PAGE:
Friendship is partly an act of world building, and in 1985 the girls Marshall photographed created their world together personally. That world, and Marshall’s project, changed irrevocably when Brover was murdered 10 months later, in 1986, while vacationing in Cape Cod, Massachusetts.
“I felt this connection with her so deeply that I felt it was my responsibility to finish this job,” Marshall said.
The first 80 pages of Marshall’s book are filled with photos from the first 10 months before Brover’s untimely death. Those photos have both an intimacy and immediacy in the way they draw the viewer into the world of this group of friends.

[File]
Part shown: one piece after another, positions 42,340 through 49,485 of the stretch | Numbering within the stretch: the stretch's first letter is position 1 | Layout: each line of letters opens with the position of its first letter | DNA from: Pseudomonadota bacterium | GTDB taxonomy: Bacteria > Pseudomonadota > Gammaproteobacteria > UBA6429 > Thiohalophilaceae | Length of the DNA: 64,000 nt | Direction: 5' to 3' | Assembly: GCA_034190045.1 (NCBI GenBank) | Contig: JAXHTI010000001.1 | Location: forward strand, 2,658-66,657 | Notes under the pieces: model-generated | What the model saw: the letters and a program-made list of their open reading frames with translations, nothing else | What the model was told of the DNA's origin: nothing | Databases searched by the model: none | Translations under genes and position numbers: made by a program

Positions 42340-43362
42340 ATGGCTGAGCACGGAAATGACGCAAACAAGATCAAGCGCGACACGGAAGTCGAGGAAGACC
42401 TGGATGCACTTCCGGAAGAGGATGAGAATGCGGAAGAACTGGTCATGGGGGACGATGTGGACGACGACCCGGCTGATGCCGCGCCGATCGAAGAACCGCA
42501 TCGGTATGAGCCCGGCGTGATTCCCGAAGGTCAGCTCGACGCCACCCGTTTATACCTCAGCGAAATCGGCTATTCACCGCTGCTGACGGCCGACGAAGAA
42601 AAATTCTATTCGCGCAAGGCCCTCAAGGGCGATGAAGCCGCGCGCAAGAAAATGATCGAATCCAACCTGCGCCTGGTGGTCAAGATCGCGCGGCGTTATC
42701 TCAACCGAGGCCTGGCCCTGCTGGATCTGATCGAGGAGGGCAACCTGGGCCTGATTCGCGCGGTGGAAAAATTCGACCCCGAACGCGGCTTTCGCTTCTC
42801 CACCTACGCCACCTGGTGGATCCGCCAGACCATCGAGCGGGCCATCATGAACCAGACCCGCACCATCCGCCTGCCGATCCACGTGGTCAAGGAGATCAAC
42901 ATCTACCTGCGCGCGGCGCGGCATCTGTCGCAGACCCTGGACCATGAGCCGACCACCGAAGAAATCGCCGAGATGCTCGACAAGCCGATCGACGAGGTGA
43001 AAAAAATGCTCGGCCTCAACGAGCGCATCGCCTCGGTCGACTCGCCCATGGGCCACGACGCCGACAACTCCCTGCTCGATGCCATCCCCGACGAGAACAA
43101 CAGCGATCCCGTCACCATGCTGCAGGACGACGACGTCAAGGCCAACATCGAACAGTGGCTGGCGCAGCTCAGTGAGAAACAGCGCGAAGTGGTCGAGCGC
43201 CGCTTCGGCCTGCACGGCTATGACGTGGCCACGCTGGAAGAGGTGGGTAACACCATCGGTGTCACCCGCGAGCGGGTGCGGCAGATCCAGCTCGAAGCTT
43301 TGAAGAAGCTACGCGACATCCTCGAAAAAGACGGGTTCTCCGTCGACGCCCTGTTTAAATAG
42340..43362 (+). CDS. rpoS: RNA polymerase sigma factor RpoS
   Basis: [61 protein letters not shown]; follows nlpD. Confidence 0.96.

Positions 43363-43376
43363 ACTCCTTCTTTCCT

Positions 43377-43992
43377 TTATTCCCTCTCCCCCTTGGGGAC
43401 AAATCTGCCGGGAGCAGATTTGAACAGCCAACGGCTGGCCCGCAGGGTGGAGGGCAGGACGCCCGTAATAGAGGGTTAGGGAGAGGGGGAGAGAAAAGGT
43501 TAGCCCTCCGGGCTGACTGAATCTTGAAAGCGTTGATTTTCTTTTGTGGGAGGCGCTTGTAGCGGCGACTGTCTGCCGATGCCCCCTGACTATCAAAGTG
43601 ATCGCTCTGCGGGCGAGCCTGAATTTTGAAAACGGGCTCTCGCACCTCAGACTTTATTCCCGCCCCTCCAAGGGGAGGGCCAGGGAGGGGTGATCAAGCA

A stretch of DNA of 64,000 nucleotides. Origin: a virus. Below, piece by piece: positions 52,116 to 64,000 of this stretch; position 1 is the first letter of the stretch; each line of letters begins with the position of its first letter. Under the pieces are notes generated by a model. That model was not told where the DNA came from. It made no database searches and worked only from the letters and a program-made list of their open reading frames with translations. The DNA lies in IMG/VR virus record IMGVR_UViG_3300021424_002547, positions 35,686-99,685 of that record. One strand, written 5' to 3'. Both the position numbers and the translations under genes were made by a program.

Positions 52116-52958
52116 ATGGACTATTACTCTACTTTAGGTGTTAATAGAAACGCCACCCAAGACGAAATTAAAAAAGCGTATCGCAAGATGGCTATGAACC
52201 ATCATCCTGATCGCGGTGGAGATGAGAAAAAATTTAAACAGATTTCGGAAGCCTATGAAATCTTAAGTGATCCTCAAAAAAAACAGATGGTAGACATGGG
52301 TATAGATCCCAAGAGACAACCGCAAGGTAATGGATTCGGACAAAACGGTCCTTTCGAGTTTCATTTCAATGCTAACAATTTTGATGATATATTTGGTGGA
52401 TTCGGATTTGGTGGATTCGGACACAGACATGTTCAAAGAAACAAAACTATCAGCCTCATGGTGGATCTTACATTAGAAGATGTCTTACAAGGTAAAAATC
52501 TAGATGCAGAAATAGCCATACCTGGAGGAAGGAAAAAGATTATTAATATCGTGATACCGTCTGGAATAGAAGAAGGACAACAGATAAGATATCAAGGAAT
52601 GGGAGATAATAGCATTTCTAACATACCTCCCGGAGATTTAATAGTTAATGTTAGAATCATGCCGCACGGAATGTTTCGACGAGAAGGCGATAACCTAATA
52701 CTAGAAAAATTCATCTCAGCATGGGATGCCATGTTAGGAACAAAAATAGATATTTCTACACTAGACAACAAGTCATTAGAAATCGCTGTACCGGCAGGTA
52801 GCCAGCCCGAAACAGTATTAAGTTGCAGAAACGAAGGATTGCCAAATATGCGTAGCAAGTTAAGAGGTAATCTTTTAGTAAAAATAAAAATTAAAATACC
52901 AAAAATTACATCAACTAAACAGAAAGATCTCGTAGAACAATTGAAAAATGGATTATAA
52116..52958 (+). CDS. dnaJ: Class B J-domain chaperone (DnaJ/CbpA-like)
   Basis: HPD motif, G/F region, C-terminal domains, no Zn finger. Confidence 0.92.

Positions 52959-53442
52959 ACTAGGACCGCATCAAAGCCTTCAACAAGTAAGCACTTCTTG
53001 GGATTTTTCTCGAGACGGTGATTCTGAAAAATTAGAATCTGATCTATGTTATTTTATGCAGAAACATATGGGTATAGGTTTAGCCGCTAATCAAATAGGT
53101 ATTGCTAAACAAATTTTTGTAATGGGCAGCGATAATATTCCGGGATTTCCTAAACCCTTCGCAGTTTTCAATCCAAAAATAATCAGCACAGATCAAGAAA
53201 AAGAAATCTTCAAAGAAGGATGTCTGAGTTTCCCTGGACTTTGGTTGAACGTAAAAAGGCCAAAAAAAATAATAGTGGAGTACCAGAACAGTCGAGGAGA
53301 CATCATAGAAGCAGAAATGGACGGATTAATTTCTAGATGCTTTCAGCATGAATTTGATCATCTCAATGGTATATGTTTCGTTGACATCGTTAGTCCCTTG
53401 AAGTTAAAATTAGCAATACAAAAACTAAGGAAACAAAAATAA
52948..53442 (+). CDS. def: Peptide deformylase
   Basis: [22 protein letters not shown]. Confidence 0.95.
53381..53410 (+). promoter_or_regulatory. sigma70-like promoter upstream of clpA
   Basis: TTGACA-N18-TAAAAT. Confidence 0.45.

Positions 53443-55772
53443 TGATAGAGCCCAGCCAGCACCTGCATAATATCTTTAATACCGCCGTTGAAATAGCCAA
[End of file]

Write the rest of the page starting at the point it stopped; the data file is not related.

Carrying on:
“It’s not often that people flip through a book about their adolescence,” says Jen Goren, one of the women featured in the book, both as a teenager and later as an adult.
“Between Girls”, especially in the first 80 pages, offers a much more complete picture of the adolescence of self-proclaimed “latchkey kids”.
Another important feature of the early images is the lack of a year in the captions, which are mainly just names and sometimes a location. It gives the photos a boundless and timeless feel, which seems to reflect the teenage experience. Life is lived in the moment and can feel like it will last forever.
The photos after Brover’s death contain years in the captions, and the pace of the book accelerates. Life picks up speed and over the next few years Marshall photographed weddings, baby showers, family outings and the ways these friends’ lives intersected in adulthood. As the book progresses, it takes on new forms.